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How the GOP Made Two of America’s Worst Islamophobes Legit

How the GOP Made Two of America’s Worst Islamophobes Legit

Texas Senator and Presidential-hopeful Ted Cruz announced on March 17th that his team has selected a team of national security advisors, including Frank Gaffney. Meanwhile, fellow Republican contender Donald Trump also unveiled his foreign policy team last week, which includes Walid Phares.

If you feel like you’ve heard the names somewhere before, you probably have – Gaffney, 62, is the founder of the Center for Security Policy, while Walid Phares was a foreign policy advisor for former Governor and 2012 Republican Presidential Candidate Mitt Romney.

Photo: Frank Gaffney/Wikipedia

They’re both also a notorious Islamophobes, right up in the ranks with Ayaan Hirsi Ali, Pamela Geller, and the like. In fact, Gaffney’s CSP was recently designated as a hate group by the Southern Poverty Law Center.

Meanwhile, the Council on American Islamic Relations (CAIR) has previously issued statements about Phares’s involvement in an anti-Muslim militia, as well as in response to his many outrageous conspiracy theories. One outrageous allegation made by Phares alleges the Muslim Brotherhood has infiltrated the American government – which was actually discussed in-depth on a radio show in a conversation between both Gaffney and Phares.

Photo: Walid Phares/flickr

What makes Gaffney and Phares different from other Islamophobes, though, is their new-found status in mainstream politics. The appointment to the Cruz team gives Gaffney a level of legitimacy that very few other Islamophobes have; as does Phares’s second appointment, which cements his “authority” as an “expert on counter-terrorism.”

Muslims across America are likely scratching their heads, wondering how it has come to this point, where we now have to deal with not just Donald Trump’s bigotry on the national stage, but where men who say absolutely ludicrous things can be appointed to positions such as national security advisor. What kind of claims have these men made, you asked? Here are a few to ponder over: Saddam Hussein was behind the Oklahoma City bombing; President Obama is a secret Muslim; Representatives Andre Carson (D-IN) and Keith Ellison (D-MN) can’t be trusted to sit on the House Intelligence Committee because their faith might compel them to leak information to the Muslim Brotherhood.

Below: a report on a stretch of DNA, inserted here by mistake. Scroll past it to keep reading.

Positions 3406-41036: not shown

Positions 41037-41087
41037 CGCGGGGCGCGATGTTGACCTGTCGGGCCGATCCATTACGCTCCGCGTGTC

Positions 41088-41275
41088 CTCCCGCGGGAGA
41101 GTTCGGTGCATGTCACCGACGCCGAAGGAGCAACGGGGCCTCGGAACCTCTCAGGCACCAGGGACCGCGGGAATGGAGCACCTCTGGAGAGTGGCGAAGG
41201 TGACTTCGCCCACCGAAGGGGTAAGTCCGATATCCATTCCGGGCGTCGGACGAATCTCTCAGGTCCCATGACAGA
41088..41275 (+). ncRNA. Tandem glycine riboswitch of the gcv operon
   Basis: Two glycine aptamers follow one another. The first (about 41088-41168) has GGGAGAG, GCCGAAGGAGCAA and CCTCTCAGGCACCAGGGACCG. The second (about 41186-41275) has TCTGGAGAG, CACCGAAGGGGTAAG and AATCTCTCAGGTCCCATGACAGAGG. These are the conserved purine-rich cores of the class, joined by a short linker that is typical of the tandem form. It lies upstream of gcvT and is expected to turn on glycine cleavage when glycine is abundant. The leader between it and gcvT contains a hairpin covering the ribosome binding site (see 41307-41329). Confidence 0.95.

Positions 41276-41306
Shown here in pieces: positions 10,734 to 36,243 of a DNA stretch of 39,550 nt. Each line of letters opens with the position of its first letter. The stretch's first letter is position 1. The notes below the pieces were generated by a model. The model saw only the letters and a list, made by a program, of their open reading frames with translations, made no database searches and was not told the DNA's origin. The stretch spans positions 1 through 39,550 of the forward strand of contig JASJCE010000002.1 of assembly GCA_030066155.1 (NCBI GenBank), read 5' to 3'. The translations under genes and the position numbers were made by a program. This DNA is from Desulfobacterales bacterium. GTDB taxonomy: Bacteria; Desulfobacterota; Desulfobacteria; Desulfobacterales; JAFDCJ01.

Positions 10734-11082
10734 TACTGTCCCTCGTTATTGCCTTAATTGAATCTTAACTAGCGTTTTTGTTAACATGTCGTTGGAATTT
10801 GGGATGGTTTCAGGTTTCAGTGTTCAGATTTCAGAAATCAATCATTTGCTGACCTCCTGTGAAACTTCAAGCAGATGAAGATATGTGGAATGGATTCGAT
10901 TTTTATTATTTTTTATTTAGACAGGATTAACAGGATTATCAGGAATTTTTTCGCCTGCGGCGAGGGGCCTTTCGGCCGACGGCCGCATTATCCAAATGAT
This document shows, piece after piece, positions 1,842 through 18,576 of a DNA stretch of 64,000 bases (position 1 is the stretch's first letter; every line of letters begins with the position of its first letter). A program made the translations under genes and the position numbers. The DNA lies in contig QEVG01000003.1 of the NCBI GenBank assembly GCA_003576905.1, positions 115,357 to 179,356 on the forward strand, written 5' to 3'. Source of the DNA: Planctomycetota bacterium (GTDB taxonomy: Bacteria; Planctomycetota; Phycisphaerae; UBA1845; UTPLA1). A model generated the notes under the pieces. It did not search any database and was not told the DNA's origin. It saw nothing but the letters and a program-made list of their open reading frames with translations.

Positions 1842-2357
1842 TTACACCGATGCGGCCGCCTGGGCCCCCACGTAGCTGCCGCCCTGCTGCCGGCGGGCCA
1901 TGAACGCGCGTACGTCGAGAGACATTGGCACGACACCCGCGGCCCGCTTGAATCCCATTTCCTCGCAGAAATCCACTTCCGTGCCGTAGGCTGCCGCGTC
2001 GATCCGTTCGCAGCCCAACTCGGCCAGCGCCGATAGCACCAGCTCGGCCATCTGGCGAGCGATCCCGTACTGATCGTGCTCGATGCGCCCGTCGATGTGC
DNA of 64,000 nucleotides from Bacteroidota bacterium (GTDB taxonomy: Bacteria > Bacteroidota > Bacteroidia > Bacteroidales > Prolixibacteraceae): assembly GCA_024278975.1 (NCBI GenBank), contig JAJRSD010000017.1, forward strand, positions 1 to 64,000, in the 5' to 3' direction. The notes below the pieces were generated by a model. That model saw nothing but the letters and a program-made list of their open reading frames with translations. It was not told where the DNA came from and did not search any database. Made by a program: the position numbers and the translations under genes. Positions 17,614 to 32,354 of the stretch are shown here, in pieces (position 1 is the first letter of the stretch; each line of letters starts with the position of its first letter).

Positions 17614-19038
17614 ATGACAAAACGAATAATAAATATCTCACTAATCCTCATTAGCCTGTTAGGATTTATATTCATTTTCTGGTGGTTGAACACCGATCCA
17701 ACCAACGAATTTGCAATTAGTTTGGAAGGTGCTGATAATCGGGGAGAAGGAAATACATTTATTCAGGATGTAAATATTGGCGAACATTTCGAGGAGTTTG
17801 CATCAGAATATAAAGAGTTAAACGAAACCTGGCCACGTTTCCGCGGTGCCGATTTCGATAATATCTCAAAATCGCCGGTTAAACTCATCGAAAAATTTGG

Although it may sound ludicrous, is it really that unexpected? I mean, the statements made thus far during the race for the GOP candidates have been pretty crazy. 

Muslims have been Americans since the first slaves were abducted from their homes and brought to build this nation. But from the oldest immigrants to the newest, how many of us are actually exercising our rights and playing an active role in politics?

A Pew Research study from 2011 found that barely 66% of eligible Muslim Americans were registered voters; only 55% of those 18-29 said they were absolutely certain they were registered.

It’s not as though Muslims don’t know anything about politics. Many of us who come from immigrant homes have fallen victim to waiting in the car while our dads finish arguing their last few points with the other uncles at countless – seemingly endless – dinner parties. We’ve seen them scan through the newspapers from back home, keeping up with every tiny development. So what gives?

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To be clear, this is not a call for total “assimilation,” although there is nothing wrong with that, if you feel so inclined.  This isn’t a call to action to give up cricket for baseball; or to tell our fellow sisters to take off their hijabs and wear them around their necks; or to start calling it “chai tea” (I cringed even just typing all of that). However, this is a reminder of our basic civic duties and obligations – the same civic duties that people in other countries wish they could engage in without corruption or exemption.

If you are waiting for that one superhero to speak on behalf of all Muslims in order to save us from the monster of rampant racism in national politics, don’t hold your breath – we have to be that change.

We have to stand up for ourselves with our own voices and our own political participation – engaging in protests when needed, and giving our time to causes that mean something to our values and beliefs.

And don’t forget what happens when we collaborate with groups who share similar values. Remember who the driving force was behind the Chicago Trump Rally-That-Never-Was? It was the Black community; the Hispanic community; the Muslim community; the community of others, and those against racist rhetoric. It was the protest that aligned perfectly and proved to us that when we work together with our allies, anything is possible. We need to be visible, at the forefront of every movement, rather than waiting for someone else to take the lead. Then and only then can we say in good conscious, “We did enough.”

So whether you choose to boycott or engage, the point remains, “If you’re not at the table, you’re on the menu.”

Donald Trump – and now Gaffney and Phares, are clear indications that there is a tolerance for Islamophobia. The age of ambivalence for the Muslim community has long been over. It is time we recognize that we have a dire need for more leaders like Linda Sarsour, and fewer disinterested uncles-at-the-dinner-party. Otherwise, we cannot be surprised when we see meteoric rises to power, and the many consequences that come with them.

In short: Hindsight is 20/20. But so too can be the warning signs.

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